Tuesday, May 27, 2014
Reading is an active process -- kind of a dialog with the author -- and I create a lot of associations and marginal notes. I want an e-reader that lets me record those in a database while reading. Database entries would include a note, timestamp, tags (global to me, local to the document -- perhaps even global to the world), the document it was associated with, the selected passage or figure it was associated with, etc. The links would be hot.
I'd like to be able to search this database in a variety of ways, for example, finding entries with a given tag or combination of tags, free-text search or those associated with a given document and display the results in a variety of ways, for example in a table showing only the first N characters of a marginal note and the passage it was associated with.
Voice recognition -- for commands and text entry -- should be a first-class input modality. If I have selected a passage for annotation, a single voice command should initiate speech-to-text mode so I could dictate my note and tags.
The e-reader and my laptop should be integrated. I should be able to copy the annotation database to my laptop with a single command and search and display reports in the same way as on the e-reader. I should also have the option of updating the e-reader database from my laptop, uploading it to the Internet or exporting it in various formats, for example, docx or xlsx.
I've outlined a few features I'd like in an e-reader -- what would you like to see?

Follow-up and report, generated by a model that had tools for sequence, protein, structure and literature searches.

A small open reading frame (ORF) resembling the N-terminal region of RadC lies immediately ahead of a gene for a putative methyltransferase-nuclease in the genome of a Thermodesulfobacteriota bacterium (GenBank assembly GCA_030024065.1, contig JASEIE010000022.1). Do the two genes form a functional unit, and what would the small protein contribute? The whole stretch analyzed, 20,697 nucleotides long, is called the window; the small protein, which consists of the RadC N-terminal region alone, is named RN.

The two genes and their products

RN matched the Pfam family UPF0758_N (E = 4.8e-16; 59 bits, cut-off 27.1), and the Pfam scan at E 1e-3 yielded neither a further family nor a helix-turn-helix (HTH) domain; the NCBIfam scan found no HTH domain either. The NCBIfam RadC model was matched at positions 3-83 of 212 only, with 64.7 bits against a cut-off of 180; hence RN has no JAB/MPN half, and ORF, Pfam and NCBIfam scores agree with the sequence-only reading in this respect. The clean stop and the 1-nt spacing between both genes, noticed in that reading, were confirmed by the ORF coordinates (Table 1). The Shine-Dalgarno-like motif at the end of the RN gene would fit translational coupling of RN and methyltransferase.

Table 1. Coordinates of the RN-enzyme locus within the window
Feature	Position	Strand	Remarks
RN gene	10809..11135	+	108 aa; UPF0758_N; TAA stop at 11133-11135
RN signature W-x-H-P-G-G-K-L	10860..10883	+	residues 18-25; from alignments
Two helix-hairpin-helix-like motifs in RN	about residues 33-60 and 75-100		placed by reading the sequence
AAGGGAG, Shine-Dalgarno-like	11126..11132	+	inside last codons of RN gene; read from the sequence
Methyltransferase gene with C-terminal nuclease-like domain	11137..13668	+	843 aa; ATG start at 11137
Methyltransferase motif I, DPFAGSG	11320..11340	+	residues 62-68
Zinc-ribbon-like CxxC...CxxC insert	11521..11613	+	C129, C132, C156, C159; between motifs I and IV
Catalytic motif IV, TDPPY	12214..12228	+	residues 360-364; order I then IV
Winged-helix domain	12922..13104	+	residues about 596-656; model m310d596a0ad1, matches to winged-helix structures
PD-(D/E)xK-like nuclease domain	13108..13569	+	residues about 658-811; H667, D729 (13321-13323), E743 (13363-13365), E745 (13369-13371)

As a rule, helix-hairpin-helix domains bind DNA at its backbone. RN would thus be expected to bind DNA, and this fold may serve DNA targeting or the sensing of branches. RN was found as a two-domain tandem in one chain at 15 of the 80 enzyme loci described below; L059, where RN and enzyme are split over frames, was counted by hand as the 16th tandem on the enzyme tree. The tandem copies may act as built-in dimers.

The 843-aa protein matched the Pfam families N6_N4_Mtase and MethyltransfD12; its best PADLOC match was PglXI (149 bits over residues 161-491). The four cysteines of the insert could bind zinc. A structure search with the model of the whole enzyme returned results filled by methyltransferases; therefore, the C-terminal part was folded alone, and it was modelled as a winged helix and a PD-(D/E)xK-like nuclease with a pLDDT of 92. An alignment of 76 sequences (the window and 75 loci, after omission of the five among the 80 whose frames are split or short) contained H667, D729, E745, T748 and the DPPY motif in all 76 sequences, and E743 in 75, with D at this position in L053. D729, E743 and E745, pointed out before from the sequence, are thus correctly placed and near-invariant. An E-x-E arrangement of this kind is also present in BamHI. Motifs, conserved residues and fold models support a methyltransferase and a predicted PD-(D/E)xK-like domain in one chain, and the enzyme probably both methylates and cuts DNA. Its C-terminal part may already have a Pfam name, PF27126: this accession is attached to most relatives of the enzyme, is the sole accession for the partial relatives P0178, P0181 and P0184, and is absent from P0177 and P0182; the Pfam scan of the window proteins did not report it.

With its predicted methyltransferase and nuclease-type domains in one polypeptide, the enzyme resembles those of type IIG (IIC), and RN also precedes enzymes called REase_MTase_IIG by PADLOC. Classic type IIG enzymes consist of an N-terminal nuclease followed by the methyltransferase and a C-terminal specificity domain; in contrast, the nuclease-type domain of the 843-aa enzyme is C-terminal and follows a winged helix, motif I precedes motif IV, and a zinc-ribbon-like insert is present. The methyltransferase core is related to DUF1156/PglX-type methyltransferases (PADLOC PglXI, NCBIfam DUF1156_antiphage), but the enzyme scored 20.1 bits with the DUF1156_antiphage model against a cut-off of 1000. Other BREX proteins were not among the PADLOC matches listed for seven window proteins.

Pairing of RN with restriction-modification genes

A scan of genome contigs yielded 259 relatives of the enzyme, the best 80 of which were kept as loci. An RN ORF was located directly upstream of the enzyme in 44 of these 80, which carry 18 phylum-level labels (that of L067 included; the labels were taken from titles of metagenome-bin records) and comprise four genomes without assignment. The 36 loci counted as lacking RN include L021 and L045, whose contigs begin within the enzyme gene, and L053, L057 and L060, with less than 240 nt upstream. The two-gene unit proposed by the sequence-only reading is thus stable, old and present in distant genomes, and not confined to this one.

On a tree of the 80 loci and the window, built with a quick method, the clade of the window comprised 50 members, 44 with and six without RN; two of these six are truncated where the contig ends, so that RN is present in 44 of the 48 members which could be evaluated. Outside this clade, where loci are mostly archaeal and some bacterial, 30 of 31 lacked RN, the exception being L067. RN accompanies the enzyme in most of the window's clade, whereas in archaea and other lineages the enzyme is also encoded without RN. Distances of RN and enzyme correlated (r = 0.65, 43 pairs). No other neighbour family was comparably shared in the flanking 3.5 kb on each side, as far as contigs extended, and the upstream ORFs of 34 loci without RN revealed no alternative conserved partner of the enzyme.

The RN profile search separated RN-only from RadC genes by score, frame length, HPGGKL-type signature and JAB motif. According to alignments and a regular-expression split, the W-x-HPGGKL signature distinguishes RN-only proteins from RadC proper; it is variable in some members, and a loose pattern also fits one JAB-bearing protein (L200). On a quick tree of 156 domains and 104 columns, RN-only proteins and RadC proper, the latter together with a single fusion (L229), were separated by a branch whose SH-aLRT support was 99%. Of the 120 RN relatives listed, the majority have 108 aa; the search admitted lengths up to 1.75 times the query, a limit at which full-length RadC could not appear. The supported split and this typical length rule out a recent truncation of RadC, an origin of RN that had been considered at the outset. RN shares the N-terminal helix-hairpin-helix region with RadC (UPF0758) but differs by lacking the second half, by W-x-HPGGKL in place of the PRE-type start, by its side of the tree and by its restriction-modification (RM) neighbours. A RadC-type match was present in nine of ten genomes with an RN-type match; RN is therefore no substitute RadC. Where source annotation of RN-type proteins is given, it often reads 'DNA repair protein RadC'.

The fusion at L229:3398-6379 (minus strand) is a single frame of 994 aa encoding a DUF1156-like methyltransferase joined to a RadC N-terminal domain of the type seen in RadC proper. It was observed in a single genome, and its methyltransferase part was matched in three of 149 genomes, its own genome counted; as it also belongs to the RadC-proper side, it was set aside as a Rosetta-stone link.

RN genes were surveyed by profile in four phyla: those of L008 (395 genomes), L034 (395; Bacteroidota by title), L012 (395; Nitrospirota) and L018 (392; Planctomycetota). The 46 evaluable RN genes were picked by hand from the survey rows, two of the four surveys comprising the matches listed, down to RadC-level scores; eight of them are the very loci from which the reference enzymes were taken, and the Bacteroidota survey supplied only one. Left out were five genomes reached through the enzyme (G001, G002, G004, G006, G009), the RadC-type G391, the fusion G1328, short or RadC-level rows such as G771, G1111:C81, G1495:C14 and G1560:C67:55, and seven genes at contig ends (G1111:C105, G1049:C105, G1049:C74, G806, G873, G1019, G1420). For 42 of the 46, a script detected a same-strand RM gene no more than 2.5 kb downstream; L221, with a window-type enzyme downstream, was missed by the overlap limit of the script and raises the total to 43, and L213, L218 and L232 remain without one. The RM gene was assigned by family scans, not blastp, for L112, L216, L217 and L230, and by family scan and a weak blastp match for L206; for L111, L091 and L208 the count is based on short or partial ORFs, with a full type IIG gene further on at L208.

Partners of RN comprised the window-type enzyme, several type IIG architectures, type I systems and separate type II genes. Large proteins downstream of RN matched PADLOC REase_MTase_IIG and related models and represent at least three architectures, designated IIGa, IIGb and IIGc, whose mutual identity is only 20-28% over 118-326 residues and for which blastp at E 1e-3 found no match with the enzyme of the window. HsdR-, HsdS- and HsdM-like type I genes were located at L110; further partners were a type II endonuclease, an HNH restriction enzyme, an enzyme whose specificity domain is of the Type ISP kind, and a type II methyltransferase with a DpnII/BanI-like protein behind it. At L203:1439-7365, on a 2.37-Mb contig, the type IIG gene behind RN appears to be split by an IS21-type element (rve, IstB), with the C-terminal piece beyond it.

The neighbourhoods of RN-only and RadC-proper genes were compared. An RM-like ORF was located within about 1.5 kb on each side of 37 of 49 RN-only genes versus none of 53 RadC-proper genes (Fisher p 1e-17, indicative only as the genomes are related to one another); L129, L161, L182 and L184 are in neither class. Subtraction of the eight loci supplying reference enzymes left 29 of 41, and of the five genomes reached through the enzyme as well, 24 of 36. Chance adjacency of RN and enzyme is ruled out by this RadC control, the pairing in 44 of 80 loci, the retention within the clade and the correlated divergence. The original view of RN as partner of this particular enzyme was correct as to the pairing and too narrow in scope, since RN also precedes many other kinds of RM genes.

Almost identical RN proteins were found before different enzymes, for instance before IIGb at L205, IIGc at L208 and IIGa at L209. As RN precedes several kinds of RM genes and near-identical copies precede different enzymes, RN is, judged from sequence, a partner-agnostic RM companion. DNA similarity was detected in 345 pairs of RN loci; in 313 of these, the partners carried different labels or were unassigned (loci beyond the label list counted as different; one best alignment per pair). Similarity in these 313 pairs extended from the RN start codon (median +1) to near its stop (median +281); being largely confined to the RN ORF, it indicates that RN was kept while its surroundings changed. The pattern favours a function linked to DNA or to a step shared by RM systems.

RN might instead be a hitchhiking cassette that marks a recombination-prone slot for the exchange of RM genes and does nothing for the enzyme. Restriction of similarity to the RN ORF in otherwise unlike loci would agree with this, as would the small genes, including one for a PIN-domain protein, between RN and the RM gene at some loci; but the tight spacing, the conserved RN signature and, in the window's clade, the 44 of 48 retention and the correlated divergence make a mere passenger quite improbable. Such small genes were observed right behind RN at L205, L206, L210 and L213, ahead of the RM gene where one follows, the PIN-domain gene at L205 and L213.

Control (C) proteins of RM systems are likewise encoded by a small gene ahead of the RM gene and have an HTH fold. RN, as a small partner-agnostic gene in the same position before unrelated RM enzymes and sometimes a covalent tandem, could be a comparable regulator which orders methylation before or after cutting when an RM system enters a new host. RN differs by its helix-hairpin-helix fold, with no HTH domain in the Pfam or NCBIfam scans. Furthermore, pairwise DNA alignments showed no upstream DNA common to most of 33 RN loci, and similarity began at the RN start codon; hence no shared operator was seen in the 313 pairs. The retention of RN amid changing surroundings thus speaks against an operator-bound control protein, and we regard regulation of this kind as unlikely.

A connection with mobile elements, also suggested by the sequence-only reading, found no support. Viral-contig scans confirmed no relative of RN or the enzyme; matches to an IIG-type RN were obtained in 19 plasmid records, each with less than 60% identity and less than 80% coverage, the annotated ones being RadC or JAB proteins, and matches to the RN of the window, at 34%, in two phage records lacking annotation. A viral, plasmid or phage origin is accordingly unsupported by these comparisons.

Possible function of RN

The business case -- low-hanging fruit
When the Kindle came out, Steve Jobs dismissed it saying “It doesn’t matter how good or bad the product is, the fact is that people don’t read anymore -- forty percent of the people in the U.S. read one book or less last year. The whole conception is flawed at the top because people don’t read anymore.”
Amazon does not release official sales figures, but Forbes estimated that between 2007, when the Kindle was released, and the end of 2013, roughly 43.7 million Kindles were sold. Assuming a 3-year replacement cycle, about 30 million Kindle e-readers are currently in use -- for reading and purchasing content from Amazon. Regardless of Jobs' opinion, there is a sizeable market.
Apple is a device manufacturer par excellence, Microsoft has elevated "devices" to its tag line and Google sells some devices, so they all have varying degrees of manufacturing experience.
Speech recognition is the key technology that I want added to an e-reader and Apple, Microsoft and Google have world-class speech recognition products and research projects.
Amazon may be taking a loss on each Kindle and making it up on content sales, but Apple, Microsoft and Google have online stores too and could be selling the same content as Amazon.
The Kindle reminds me of the Apple Newton -- a very early "personal digital assistant" with a stylus and handwritting recognition as its primary input modality. The Newton failed because the handwriting recognition was slow and inaccurate -- like typing on a Kindle's virtual keyboard -- and it was a stand-alone device, barely integrated with Apple or Windows computers. (I've still got a Newton -- in mint condition because I only used it to look cool). Apple learned from the failure of the Newton -- the iPod was one component in a system along with the iTunes store and software.
It seems to me that a Kindle-killing e-reader would be low-hanging fruit for Apple, Google or Microsoft. If any one of them builds it, I'll buy it. (Think of the competition if they each built one)!
There is a long (320 comments) discussion of this post on Slashdot.